It feels as if my life is on super-speed this season. Thanksgiving came and went, but in addition to the typical holiday excitement and stress, it also brought with it a good old-fashioned North Dakota snow storm. We had barely shoveled out of that when December came crashing in with work expectations, school expectations, social gatherings, Christmas pageants, and travel plans. With my color-coded calendar hanging up on the kitchen wall, we were prepared for the season, until sinus infections, ear infections, and other health concerns knocked us on our backs…under a blanket…with soup and tea. Sometimes it feels like I can spend all of my time running in multiple directions, thinking I am perfectly capturing every necessary adventure, when in the end I am running nowhere, my plans as stuck as the snow-covered car in the driveway. All the while, the pressure of the season is building and spurts of frustration are being taken out on those around me. Then something interesting happened that caused an ah-ha moment: my two year old got in trouble for hitting her older brother.
To clarify, the interesting part of this situation is actually what happened after the hitting: the reset. In our house, a reset is a time that our child takes away from others, to calm down, regain control of themselves, talk about what happened and how to fix it, and then move on to focus on being the calm, kind child that we know they are. We have spent a lot of energy explaining to our kids what resets are and how they work, so both kids know that if they are doing something hurtful, a reset will happen next.
On this day, the day of my ah-ha moment, my two year old walked over and calmly hit her brother on the head. I looked at her sternly and said, “No! If we hit we have to reset.” She smiled sweetly and said “I just need a break,” and walked calmly to her room.
Here’s the thing, she is pretty much a mini-me. Her need to fill her bucket in her own space, far from others, listening to nothing but the sound of her own self-chatter, I get that. Feeling overwhelmed by another human who has minimal recognition of personal space, whose voice comes out in pretty much one volume, loud, and whose bucket is filled by laughter, connection, and physical contact (her brother), yes, I understand being overwhelmed by that too. However, having a sweet, strong-willed child who believes that “resets” are the best way to log necessary alone space, that I was not expecting.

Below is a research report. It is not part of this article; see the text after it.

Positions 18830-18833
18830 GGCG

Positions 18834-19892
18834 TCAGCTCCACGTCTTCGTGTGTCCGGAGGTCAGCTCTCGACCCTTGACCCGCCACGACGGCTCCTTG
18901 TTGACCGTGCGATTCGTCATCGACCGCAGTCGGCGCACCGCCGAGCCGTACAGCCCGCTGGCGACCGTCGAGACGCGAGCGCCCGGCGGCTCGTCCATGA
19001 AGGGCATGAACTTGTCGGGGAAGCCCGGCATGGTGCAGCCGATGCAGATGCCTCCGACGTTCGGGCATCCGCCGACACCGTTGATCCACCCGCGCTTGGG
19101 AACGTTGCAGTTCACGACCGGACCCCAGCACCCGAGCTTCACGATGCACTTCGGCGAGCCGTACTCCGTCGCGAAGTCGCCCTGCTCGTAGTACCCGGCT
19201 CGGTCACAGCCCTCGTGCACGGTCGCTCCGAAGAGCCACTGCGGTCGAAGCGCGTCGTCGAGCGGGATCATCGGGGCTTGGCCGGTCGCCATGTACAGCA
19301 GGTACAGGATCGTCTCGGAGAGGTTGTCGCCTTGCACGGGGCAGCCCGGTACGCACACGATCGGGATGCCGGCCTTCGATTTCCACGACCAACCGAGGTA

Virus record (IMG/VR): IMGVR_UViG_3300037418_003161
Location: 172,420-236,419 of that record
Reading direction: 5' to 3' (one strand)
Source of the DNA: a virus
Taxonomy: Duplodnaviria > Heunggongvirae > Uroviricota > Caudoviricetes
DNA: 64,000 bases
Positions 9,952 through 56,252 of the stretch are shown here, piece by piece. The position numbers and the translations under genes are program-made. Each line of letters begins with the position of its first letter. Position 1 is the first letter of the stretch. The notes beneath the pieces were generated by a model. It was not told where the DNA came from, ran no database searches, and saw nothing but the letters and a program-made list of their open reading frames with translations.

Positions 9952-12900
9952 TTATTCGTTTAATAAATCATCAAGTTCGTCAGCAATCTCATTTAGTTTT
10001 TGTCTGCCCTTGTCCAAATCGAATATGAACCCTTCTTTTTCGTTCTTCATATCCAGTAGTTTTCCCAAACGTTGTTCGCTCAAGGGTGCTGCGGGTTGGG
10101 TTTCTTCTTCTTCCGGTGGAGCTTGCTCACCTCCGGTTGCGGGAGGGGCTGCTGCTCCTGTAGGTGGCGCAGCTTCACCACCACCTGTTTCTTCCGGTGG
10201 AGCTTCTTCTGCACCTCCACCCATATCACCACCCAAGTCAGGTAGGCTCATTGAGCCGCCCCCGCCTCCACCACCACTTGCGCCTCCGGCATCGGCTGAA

This got me thinking: how can I teach her that she can take a break without hitting someone? If she is craving alone time to reset, she, as an independent little human, can decide to take a break. Then I chuckled to myself, the ah-ha moment – how am I supposed to teach a two year old to take a break when she needs one, when I am living in this busy season and modeling no such thing. She felt the need to walk over and hit her brother across the head to take her break, and I acted shocked. Why is it that I wait until I hit someone (typically with harsh words) before I realize I am at my breaking point? Just like the lesson I would like to teach my toddler, why should I wait until I am taking someone down with me, through hurtful words, lack of follow through, or misdirected anger, to recognize my bucket is empty?
So, I am going to take my own advice. I am going to make sure that I give myself some much needed time to “reset” when needed (ideally before hitting someone on the head). Think about it: if every frustrated adult “reset” – took time away from others to calm down, regain control, talk about what happened and how to fix it, and then focused on being their typical calm, kind selves, wouldn’t that change everything? This entire season of busy could be just a little less heavy. So, if you need me and you can’t find me in the busy, I am likely resetting; just ask my daughter, she’ll know what that means.
Author: Jessica is a wife, mom, school social worker, and aspiring writer. She is co-author of the blog The Unexpected Ever Afters.